dai-lah - term of commiseration, usually mock, used in situations where an element of anxiety is present, e.g.,"Oh dear, now you've blown it!" or "Oh well, that's the end of that!" or "Shit! I'm in real trouble." 
debladigarmen - contraction of "the bloody government" - widely used scapegoat for all of life's disappointments, delays, denials, and prohibitions. 
defler - contraction of "that fellow." 
(doan) tokkok - playful insult ("Don't talk rubbish!"); the etymology of tokkok is uncertain but it probably derives from "talk cock" (as in "cock and bull" stories). 
fatty bom-bom – a juvenile reference to bulk; synonymous with "fatso" – a jocular and universally understood description of obesity. 
filim – mispronunciation of "film" – usually refers to movies, whether analog or digital.

fler - personal and/or impersonal reference, originally a contraction of "fellow" but frequently applied in neuter gender, e.g., "You flers better wochaut!" ("Don't any of you try to be funny!")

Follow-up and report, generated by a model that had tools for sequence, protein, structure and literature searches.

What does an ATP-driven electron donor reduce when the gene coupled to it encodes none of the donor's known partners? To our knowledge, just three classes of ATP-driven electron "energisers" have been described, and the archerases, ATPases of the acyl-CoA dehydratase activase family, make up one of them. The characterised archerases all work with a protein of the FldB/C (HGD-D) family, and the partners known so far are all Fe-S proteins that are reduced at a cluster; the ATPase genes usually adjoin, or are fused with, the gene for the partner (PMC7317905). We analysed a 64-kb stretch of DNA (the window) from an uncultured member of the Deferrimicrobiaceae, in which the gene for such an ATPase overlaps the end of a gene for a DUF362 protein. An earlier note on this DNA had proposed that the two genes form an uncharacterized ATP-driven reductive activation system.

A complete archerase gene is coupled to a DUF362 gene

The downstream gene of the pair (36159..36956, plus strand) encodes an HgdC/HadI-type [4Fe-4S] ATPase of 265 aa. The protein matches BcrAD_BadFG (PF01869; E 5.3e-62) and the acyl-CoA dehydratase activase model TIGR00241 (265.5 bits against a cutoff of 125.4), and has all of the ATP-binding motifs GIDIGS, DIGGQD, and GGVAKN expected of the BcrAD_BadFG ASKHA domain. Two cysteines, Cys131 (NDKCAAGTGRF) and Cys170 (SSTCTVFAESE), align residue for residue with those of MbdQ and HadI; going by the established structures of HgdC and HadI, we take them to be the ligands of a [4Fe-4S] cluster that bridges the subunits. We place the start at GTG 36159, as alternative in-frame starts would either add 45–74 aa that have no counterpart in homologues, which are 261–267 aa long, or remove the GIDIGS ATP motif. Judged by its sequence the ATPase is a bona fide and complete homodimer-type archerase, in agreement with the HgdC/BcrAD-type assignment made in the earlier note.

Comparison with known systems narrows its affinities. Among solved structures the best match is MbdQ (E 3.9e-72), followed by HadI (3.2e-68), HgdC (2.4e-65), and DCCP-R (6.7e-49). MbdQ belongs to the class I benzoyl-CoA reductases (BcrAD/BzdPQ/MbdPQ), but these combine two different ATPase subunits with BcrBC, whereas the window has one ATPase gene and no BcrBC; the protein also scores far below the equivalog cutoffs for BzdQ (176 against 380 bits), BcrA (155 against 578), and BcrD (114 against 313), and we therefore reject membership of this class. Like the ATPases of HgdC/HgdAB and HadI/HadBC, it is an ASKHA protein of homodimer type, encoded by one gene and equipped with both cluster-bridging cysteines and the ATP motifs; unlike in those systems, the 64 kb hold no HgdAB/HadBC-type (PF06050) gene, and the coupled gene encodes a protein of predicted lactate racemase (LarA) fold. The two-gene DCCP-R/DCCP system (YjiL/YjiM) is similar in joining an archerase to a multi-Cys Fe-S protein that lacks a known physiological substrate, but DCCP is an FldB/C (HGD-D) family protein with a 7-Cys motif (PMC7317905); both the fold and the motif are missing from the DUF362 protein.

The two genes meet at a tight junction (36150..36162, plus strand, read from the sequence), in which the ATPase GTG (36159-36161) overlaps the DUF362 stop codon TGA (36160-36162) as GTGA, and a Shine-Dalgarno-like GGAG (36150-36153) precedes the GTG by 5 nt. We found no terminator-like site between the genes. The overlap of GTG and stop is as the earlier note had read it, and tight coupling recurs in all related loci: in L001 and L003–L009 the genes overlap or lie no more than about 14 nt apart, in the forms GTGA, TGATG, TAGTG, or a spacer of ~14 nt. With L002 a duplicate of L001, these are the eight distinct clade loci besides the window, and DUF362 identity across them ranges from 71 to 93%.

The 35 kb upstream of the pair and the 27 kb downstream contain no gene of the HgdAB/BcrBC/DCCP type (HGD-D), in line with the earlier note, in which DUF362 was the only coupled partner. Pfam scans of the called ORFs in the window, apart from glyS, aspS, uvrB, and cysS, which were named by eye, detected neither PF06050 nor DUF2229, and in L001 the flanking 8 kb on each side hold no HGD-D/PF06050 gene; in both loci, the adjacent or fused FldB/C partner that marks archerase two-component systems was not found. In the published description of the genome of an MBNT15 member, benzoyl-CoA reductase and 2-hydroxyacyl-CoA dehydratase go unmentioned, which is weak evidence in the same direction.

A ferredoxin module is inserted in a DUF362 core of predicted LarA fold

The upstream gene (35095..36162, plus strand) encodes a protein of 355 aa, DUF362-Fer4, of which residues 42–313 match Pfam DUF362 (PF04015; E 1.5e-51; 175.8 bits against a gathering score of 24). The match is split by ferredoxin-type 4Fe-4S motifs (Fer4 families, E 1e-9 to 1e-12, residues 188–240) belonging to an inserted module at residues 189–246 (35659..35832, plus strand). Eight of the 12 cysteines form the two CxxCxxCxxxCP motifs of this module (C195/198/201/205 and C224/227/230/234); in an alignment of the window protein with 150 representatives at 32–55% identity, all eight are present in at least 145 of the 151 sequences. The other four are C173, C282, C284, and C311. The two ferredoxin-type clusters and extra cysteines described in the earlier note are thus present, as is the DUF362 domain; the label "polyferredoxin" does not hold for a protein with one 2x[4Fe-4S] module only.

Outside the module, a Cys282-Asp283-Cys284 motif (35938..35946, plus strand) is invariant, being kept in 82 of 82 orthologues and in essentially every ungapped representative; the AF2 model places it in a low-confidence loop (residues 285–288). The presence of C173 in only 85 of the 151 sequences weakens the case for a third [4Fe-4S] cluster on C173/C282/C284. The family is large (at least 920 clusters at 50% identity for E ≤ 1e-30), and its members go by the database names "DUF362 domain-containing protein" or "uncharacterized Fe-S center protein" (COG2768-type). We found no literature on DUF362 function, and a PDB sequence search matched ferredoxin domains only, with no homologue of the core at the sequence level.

fraskes - noun applied to any individual caught in an unenviable impasse; someone whose case is frustrating; could also imply sexual deprivation. 
gifchan (lah) - half-serious plea, as in "Give us a chance, will you?" Could also mean: "Please do us a favor." 
gurfren - slurring of "girlfriend." 
hauken - another elastic expression applicable in almost any situation, e.g., "That's not right!" or "Impossible!" or "You don't say!" 
ho-laif - adverb, meaning "perpetually" (contraction of "whole life"). 
huseso - "Says who?" or "Who says so?" (alternatively, hused).  
hutoyu - mild challenge, as in "Who told you?" 
izzit - expression of mild unbelief: "Is that so?" 
izzenit - from "isn't it?" but applied very loosely at the end of any particular statement to elicit an immediate response, e.g., "Yused you will spen me a beer, izzenit?"